SEC: Justin Jeffries
Posted by ESPN.com's Chris Low
With all the talk this spring about Mike Hartline getting the nod at quarterback and Randall Cobb spending most of his time at receiver, lost in the shuffle was the moving and shaking going on with Kentucky's offensive line.
The best news for the Wildcats is that they actually have some genuine competition. They've been able to redshirt some offensive linemen the last couple of years and haven't had to throw them to the wolves as true freshmen.
Joker Phillips, Kentucky's offensive head coach, said heading into the spring that the Wildcats were serious about getting their best five linemen on the field.
Judging by all the shuffling that went on and some of the position changes, it's still anybody's guess as to what the Wildcats' starting offensive line will look like when they open the season against Miami (Ohio) on Sept. 5 in Cincinnati.
Senior Zipp Duncan is the likely starter at left tackle, but that's after starting 26 consecutive games at guard. Senior Justin Jeffries missed the spring with a shoulder injury after starting last season at right tackle, but he'll face challenges from junior Brad Durham and sophomore Billy Joe Murphy in the fall. Redshirt freshman Dave Ulinski also moved to tackle after starting the spring at guard.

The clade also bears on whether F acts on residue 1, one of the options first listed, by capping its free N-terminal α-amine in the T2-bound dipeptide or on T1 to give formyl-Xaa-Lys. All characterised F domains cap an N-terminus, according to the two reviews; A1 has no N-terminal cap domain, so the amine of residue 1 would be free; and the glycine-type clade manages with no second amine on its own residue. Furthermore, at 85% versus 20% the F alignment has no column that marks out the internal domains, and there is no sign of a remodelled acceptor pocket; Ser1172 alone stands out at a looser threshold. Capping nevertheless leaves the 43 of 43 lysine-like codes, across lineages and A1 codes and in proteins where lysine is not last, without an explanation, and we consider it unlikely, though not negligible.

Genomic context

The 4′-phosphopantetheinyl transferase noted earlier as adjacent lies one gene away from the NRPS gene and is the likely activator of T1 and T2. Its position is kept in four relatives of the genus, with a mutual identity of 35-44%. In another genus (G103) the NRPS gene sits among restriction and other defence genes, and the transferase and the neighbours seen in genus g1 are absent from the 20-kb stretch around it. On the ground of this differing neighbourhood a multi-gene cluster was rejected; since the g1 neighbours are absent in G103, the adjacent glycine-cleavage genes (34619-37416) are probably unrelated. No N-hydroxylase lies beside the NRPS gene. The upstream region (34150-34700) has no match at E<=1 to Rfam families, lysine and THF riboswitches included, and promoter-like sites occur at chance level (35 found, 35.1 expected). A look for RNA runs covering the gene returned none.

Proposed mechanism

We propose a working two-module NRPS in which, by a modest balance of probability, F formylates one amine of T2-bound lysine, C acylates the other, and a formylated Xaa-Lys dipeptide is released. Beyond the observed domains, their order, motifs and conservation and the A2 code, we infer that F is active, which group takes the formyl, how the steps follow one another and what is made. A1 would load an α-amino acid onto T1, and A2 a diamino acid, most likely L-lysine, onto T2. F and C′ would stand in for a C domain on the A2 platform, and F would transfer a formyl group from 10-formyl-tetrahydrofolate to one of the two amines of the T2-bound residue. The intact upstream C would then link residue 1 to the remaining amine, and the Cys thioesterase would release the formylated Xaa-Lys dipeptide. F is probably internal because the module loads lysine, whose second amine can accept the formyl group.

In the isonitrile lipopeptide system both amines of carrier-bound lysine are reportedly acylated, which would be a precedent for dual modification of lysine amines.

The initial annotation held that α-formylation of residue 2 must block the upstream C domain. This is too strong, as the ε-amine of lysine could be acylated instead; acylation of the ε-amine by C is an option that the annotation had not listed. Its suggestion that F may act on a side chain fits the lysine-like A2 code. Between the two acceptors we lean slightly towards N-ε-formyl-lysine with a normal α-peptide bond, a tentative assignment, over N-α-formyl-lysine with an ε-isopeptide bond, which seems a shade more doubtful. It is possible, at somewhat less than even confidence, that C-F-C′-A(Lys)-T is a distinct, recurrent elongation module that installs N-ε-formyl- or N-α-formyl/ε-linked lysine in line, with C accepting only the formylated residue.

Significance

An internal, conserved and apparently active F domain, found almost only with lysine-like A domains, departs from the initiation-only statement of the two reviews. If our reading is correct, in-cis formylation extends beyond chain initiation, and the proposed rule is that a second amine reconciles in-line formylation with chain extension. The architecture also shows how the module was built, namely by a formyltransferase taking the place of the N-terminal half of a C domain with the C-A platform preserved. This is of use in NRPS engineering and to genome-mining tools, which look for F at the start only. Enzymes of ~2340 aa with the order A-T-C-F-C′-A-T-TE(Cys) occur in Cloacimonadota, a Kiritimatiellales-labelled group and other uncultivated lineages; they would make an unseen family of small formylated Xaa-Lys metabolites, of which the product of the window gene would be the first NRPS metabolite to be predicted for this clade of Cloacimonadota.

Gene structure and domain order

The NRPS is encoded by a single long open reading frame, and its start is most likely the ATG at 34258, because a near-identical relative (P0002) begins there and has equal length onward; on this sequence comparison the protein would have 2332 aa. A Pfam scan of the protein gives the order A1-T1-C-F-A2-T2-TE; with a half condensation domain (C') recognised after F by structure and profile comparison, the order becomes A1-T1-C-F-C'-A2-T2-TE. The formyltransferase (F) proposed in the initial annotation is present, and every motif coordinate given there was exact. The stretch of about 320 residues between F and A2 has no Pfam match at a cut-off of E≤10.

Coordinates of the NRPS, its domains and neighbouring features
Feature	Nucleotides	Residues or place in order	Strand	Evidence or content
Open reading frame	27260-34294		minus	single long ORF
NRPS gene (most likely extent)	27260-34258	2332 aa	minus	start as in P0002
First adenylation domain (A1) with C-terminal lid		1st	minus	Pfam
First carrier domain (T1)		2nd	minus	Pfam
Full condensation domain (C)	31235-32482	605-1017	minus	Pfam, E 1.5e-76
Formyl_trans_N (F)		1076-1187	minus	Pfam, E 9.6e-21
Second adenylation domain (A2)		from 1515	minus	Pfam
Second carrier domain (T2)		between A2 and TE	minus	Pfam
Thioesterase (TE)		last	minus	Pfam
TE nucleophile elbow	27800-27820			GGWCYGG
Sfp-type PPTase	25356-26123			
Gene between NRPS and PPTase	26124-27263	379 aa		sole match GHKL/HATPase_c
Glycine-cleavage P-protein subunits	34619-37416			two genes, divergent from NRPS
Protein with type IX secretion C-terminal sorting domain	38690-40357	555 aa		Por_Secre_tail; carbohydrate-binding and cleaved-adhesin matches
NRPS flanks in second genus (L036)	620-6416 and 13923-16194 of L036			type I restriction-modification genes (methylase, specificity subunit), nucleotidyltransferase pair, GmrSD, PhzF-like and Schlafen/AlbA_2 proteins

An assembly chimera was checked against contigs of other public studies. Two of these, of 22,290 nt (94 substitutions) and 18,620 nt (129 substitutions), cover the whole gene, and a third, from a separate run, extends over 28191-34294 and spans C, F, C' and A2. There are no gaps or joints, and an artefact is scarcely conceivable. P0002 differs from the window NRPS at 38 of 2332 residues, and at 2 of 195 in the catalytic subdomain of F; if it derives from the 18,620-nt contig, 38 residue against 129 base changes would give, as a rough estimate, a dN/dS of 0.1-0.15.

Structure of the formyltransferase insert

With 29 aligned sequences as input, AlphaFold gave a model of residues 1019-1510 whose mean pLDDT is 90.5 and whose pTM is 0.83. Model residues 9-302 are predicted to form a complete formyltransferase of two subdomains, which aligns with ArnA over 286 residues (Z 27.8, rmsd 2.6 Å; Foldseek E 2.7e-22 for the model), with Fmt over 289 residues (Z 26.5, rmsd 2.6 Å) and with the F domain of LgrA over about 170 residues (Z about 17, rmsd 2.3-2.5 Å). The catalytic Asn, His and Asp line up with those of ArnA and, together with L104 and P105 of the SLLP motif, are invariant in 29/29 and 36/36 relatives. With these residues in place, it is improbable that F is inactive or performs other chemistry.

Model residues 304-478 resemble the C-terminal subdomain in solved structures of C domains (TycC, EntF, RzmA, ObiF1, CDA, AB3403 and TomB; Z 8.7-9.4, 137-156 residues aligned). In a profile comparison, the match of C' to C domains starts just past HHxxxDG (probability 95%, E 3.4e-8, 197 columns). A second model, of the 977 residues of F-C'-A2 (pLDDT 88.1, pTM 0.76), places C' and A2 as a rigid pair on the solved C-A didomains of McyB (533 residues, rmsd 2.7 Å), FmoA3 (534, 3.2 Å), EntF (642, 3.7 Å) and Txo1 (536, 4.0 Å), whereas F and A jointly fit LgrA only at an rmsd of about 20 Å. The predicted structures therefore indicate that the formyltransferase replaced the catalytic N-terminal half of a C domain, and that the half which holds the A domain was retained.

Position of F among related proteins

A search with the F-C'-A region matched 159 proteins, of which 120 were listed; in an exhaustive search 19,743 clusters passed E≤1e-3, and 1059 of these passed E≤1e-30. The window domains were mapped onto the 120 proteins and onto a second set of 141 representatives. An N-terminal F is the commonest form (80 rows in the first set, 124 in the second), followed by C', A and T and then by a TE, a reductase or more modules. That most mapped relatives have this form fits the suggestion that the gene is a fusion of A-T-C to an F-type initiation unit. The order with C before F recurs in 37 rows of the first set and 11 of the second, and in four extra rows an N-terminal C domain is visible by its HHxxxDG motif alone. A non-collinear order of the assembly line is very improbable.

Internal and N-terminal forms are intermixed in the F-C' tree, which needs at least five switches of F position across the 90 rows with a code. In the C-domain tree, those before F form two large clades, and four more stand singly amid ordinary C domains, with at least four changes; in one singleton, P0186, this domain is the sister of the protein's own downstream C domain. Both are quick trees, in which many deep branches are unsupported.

Senior Jorge Gonzalez returns as the starting center, but sophomores Jake Lanefski and Stuart Hines along with senior Christian Johnson will battle it out for the two starting guard spots.
Lanefski started the last four games a year ago at right guard. Hines played in all 12 games in 2008 as a backup at guard and has added weight. Johnson redshirted last season after struggling with back and academic issues, but he started 15 games during the 2006 and 2007 seasons.
"We have great competition at all the positions up front, and it's never been that way since we've been here," Phillips said.
The biggest challenge for Kentucky's offensive line next season will be improving its run blocking. The Wildcats were solid in pass protection a year ago and allowed just 13 sacks, which led the SEC.